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Prevention Justice Talking Points

April 19, 2011

Prevention Justice is a call to institutionalizing an effective HIV prevention approach that recognizes the structural factors that affect people's lives and put them at risk for HIV in the first place.

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Telling women to abstain or asking women to tell their partners to wear a condom is not enough to protect women from HIV. Women will be safe from HIV when the overall quality of our lives and the lives of our loved ones is uplifted and when we have a variety of ways to protect ourselves, including methods that don't require our partner's knowledge or consent.

In the U.S., most HIV-positive women are low-income women of color who face many layers of oppression and marginalization. Women's health is affected by the consequences of racism, sexism and homophobia -- including lack of access to well-paying jobs, inability to obtain quality women-centered health care, lack of safe and stable housing, gender-based violence, and inequitable development policies.

To address the HIV epidemic among women, we must change the way we do HIV prevention -- shifting from individual behavior to addressing broader social and structural issues.


Challenges

  • Test all women for HIV: The perception that women do not need HIV testing is dangerous to women's health -- leading to late testing and poor health outcomes.
  • Gender-based violence: lack of woman-controlled HIV prevention mechanisms increases risk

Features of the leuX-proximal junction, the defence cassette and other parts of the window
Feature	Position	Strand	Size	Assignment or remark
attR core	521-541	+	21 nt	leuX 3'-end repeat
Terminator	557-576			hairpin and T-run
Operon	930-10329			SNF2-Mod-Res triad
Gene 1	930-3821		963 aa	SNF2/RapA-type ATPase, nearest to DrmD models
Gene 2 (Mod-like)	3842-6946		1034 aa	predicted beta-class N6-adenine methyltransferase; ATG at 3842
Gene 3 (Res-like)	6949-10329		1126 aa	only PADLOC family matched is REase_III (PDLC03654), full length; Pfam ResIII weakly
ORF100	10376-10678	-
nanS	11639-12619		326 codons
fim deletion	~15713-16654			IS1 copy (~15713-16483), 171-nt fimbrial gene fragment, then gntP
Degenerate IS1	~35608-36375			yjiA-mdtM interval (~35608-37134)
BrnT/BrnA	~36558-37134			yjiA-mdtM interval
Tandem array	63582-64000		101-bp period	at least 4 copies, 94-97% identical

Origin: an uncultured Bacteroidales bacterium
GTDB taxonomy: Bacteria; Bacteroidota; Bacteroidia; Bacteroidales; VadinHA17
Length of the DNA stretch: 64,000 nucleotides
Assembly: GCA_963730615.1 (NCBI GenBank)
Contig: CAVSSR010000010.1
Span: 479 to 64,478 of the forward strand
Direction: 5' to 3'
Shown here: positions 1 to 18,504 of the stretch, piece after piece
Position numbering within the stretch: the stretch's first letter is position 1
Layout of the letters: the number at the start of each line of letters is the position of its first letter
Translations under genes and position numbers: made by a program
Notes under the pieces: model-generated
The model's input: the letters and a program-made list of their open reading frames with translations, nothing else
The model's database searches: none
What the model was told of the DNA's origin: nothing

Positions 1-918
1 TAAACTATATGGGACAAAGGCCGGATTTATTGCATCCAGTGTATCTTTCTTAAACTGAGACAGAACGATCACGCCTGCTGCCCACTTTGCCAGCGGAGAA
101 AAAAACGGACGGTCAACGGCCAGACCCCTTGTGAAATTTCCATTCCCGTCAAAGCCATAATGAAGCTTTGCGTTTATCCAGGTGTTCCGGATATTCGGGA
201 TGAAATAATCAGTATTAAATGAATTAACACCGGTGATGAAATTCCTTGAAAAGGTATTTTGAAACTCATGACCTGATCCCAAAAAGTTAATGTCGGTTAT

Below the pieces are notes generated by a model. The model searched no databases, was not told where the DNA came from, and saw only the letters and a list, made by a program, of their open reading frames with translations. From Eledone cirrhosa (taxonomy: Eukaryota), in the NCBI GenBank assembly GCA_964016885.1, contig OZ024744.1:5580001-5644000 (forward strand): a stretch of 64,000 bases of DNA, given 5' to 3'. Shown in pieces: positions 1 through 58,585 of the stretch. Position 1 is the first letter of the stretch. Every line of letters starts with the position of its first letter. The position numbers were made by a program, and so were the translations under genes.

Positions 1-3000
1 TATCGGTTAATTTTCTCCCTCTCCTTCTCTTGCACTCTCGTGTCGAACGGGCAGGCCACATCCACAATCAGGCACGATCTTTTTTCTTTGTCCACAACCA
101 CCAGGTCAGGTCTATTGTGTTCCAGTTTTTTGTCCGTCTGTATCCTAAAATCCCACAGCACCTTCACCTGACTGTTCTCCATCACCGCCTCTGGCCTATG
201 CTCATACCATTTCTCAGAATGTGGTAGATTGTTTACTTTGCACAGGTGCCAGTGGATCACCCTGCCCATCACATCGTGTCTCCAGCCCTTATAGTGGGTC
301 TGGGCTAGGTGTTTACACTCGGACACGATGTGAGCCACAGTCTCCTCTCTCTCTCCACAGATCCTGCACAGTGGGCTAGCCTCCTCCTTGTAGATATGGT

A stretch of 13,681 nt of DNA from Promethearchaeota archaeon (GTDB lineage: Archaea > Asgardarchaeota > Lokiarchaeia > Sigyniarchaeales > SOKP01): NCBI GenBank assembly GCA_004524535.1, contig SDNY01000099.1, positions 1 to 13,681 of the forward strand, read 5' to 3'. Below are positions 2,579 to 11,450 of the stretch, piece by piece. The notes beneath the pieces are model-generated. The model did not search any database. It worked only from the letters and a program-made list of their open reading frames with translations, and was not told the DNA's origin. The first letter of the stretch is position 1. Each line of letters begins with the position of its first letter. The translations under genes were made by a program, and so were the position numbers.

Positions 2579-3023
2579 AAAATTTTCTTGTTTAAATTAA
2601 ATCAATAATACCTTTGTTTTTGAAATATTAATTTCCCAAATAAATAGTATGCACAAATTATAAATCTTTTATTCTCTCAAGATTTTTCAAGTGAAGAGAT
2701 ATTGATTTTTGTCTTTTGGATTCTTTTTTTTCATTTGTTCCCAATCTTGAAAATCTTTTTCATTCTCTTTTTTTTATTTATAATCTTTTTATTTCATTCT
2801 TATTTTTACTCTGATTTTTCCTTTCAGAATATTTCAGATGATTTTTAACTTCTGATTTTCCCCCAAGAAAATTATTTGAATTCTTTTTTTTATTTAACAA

• Incomplete or non-existent sex education: lack of information on how to prevent HIV
  • Structural racism
  • Criminalization of drug use
  • Transphobia: creates and perpetuates barriers to employment, health care, and well-being


PWN Recommends

  • Increase research on the biological and structural factors that impact a woman's vulnerability to HIV
  • Implement prevention efforts that address sexual and reproductive health and rights, violence, and HIV
  • Prevention efforts grounded in harm reduction, such as syringe exchange
  • Male and female condoms and other prevention tools available and accessible in incarceration settings
  • National HIV prevention campaigns for Black and Latina women in the U.S., developed in consultation with community partners, including women living with HIV
  • Upholding nondiscriminatory prevention and testing services, to all women with special attention to the unique needs of transgender women, women who are incarcerated, and sex workers
  • Additional investment in research on women-controlled prevention methods including microbicides, female condoms, and PreP and PEP
  • Biomedical prevention that upholds the rights, dignity and quality of life
  • Age-appropriate and comprehensive sexuality education at all ages throughout the lifespan
  • Improved surveillance and data collection on women's risk factors


  
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This article was provided by Positive Women's Network of the United States of America. Visit PWN-USA's website to find out more about their activities and publications.
 
See Also
Quiz: Are You at Risk for HIV?
10 Common Fears About HIV Transmission
More on Women & HIV Prevention

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